You’ve probably heard someone say things like “Sit up straight,” “Square those shoulders” or “Chin up.” This advice may be focused quite literally on good posture and not slouching. However, you may have also heard someone say how keeping your shoulders back and your chin up can convey confidence and better mental health.
But is there any truth to this? And if so, does this mean you could enhance your mental health just by improving your posture? Keep reading to learn how posture and mental health may be related and how you can see for yourself.
Is There a Relationship Between Posture and Better Mental Health?
Mental health is a complex topic, and every individual is unique. So while it may seem odd to talk about how simply standing up straighter could improve your mental health, it turns out that there’s some scientific evidence for this idea.
In a 2014 study published in Health Psychology, researchers wanted to find out if body posture was related to how emotions are triggered and controlled. This study specifically looked at the difference between upright and slumped seated positions, but it’s likely that the results could be similar for standing postures. Here’s what they found.
The study included 74 people. Each participant in the study was asked to complete a stress task while in either a seated slumped posture or a seated upright posture. Participants who used upright postures “reported higher self-esteem, more arousal, better mood and lower fear, compared to slumped participants.” Those who were slumped over also used a greater number of words with negative connotations.
The study shows that there likely is a correlation between mental health and posture, and that’s something you can use to your advantage. Smiling even when you don’t feel like it can help your brain release positive chemicals. So can standing up straight and taking on a confident body posture.
Good posture sends the message to your body that you’re able to handle the task before you, and your brain acts accordingly. If you’re interacting with others, they’ll also likely recognize this confident posture and respond to it, which can reinforce the reactions in your brain.
Keep in mind that standing up straight isn’t a magic cure-all for mental illness, or really any physical or mental issue. But it can be a good tool to use when you’re feeling stressed or anxious. However, suspected mental illness needs to be reviewed by a professional who can offer a proper diagnosis, if necessary, and give you options for treatment that go beyond lifting your chin.
Does Better Posture Offer Other Benefits?
It turns out that having better posture can offer more benefits than just making you feel better about yourself. It can also improve everything from a backache to slow digestion. Here are just some of the benefits of better posture:
- Increased energy
- Better spine and neck health
- Less stress on your bones and joints
- Improved core strength
- Easier and deeper breathing
- Reduction in frequency and/or intensity of headaches
Because your spine runs the length of your torso, going from the base of your head to your tailbone, it has an effect on pretty much every part of your body. This means that if something isn’t quite right with your alignment — which is very common for people who chronically slouch and slump — it can cause pain and other issues in many areas of the body, from your lower back to your shoulders.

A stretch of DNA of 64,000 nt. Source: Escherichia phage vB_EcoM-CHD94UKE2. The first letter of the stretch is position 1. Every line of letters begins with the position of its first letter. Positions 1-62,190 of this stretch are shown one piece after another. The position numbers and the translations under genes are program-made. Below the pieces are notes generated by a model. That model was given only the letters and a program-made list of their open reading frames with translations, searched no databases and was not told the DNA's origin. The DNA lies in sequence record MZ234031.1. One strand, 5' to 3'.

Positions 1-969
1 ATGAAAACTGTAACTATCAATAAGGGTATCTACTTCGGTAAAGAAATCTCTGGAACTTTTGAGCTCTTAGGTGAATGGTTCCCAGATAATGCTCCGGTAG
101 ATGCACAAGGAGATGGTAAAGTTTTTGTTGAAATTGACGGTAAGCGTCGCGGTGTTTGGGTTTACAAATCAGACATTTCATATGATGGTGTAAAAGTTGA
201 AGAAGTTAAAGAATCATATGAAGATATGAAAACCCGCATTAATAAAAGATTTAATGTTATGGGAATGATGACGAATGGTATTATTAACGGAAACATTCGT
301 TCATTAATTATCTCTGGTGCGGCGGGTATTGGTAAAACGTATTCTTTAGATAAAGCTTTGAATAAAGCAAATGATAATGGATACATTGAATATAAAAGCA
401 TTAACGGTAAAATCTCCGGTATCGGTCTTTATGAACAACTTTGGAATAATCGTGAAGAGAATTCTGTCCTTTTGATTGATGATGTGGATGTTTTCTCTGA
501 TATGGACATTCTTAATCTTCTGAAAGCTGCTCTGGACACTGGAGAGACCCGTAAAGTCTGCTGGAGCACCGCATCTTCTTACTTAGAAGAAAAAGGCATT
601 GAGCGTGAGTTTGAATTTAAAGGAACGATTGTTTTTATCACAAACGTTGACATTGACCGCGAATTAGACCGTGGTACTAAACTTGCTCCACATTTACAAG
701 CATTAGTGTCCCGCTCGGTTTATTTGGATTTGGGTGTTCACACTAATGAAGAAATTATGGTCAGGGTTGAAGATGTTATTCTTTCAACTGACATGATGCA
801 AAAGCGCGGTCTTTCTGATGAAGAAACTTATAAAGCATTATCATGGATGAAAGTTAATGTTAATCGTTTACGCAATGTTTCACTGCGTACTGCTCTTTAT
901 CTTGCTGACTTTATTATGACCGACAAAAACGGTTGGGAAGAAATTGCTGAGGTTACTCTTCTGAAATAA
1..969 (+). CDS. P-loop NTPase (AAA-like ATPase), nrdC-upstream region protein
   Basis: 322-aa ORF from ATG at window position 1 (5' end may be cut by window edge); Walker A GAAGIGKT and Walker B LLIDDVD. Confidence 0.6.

Posture has been an increasing problem in our modern society because we spend so much more time now on technology and looking at screens, which doesn’t promote good posture. When you’re looking down at your phone, you naturally slump your shoulders and lower your head, putting increased pressure on your neck and misaligning your spine.
Can Carrying Yourself Better Actually Improve Your Mental Health?
While there may not be a direct causal relationship between your posture and your mental health, how you carry yourself can affect your self-confidence and how others perceive — and therefore treat — you.
Think about the people you’ve met and interacted within your own life. Try to remember someone who was confident in who they were and how they interacted with others. Did they stand up straight? Probably. They also likely made direct eye contact (which is easier to do if you’re not hunched over), smiled and engaged in conversation.
Now think about someone who didn’t come across as confident. Did they slump their shoulders or look toward the floor? Did they cross their arms or legs, which made them look less approachable?
All these postures and positions are body language that others use to interpret what kind of person you are and determine how they respond to you. But what if you’re struggling with your mental health? Is it worth trying to “fake it”? The answer is, quite possibly, yes!
Standing up a little taller, squaring your shoulders, focusing on looking ahead and making direct eye contact can help you feel more confident. It may also help others treat you as such. This creates a positive feedback loop that makes you feel even more confident.
And even if you don’t notice a change in your mental health from adjusting your posture, you can at least know that you’re helping keep your spine and digestive system a little healthier.
If you’re struggling with a mental health issue and it’s affecting your quality of life, it can get better. Talking with a mental health professional can help you identify areas in your life that are impacting your mental health and help you become aware of other issues that may be co-occurring. To find out more about our programs and how our staff can help you or a loved one, contact FHE Health today by calling (833) 596-3502.